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El Paso Walmart Shooting Suspect Plans to Admit Federal Charges

In a racist attack at an El Paso Walmart, the man accused of killing nearly two dozen people intends to plead guilty to federal charges in the case after the federal government said it wouldn’t seek the death penalty. Patrick Crusius is still charged in state court with capital murder and could still face the death penalty in Texas if convicted in the 2019 mass shooting that killed 23 people, according to the Associated Press. Crusius surrendered to police after the attack, saying, “I’m the shooter,” and said that he was targeting Mexicans. Prosecutors said he published a screed online shortly before the shooting that said it was “in response to the Hispanic invasion of Texas.” In a court filing Saturday, defense attorneys asked for a hearing to be set so Crusius could plead guilty to federal charges. He was charged with federal hate crimes and firearms violations. U.S. District Judge David Guaderrama set a hearing for Feb. 8.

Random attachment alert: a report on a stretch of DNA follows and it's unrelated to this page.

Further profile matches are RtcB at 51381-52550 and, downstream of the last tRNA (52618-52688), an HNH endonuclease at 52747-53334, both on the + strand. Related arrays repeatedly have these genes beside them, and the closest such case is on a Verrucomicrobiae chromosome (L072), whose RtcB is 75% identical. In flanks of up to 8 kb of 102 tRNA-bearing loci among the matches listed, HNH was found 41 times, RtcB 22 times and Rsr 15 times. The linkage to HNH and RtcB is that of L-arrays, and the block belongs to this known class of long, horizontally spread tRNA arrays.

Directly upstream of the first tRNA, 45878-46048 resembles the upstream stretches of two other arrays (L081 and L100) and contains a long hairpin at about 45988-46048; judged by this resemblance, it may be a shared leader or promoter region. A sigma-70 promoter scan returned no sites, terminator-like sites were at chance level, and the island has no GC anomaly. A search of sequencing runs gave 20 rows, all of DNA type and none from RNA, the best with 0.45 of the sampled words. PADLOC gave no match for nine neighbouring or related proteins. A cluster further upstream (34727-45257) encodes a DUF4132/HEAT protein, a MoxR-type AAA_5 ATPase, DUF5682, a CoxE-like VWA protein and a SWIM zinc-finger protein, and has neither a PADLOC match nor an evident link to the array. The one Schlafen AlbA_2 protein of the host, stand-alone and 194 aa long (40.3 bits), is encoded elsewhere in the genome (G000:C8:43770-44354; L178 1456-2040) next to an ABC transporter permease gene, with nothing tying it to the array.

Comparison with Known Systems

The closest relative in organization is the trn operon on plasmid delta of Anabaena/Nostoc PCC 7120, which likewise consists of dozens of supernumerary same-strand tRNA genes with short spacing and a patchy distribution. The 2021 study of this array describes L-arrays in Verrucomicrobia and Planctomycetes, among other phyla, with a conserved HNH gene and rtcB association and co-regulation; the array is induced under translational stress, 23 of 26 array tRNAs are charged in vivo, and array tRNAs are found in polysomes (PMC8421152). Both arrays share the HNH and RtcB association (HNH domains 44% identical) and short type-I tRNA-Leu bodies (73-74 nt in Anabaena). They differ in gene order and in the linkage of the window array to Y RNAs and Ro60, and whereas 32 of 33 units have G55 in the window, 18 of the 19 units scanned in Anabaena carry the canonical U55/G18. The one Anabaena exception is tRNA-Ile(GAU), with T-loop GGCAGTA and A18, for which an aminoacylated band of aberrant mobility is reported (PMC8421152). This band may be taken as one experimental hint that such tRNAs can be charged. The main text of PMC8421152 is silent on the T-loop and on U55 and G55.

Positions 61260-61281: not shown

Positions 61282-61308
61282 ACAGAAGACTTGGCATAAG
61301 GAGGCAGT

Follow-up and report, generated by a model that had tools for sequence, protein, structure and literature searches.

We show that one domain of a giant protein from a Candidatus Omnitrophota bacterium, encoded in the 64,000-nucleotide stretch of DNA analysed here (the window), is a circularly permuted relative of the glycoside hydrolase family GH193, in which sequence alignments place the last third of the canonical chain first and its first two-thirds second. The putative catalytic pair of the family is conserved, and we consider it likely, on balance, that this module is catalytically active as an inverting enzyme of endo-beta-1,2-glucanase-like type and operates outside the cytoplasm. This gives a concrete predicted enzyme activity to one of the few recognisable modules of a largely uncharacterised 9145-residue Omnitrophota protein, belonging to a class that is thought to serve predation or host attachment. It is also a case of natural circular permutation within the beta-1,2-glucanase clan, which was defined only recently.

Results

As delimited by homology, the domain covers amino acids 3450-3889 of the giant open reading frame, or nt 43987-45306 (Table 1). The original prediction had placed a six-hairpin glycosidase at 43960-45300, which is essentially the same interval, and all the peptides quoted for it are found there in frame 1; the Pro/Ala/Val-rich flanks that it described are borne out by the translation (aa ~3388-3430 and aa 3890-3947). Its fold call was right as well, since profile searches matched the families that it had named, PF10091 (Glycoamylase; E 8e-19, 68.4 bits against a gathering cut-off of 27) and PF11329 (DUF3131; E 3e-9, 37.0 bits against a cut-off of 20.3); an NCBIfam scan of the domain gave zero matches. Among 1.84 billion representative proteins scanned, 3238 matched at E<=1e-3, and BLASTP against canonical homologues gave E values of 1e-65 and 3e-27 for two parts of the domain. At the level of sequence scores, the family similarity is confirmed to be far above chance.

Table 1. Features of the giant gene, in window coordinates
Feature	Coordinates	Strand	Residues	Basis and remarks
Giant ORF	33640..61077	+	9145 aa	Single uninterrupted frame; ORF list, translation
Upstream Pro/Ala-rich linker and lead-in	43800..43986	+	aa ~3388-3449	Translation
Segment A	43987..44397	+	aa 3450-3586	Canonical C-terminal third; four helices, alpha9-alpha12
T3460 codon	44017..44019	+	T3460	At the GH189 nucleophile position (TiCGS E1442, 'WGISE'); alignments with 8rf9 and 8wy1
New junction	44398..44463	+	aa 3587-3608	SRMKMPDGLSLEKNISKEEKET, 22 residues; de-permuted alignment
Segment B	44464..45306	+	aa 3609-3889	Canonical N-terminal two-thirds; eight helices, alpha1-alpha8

The Aug. 3, 2019, shooting happened on a busy weekend day at a Walmart that is popular with shoppers from Mexico and the U.S. In addition to the deaths, more than two dozen were injured. Many were citizens of Mexico. El Paso is a largely Hispanic city that forms an international metro area with Ciudad Juarez of more than 2 million people. On the U.S. side, suburbs stretch into New Mexico. Although the federal and state cases have progressed along parallel tracks, it’s unclear when Crusius might face trial on state charges. The district attorney who had led the state case, Yvonne Rosales, resigned in November over accusations of incompetence involving hundreds of cases in El Paso and the slow case against Crusius. Texas Gov. Greg Abbott last month appointed a new district attorney to “restore confidence” in the local criminal justice system.


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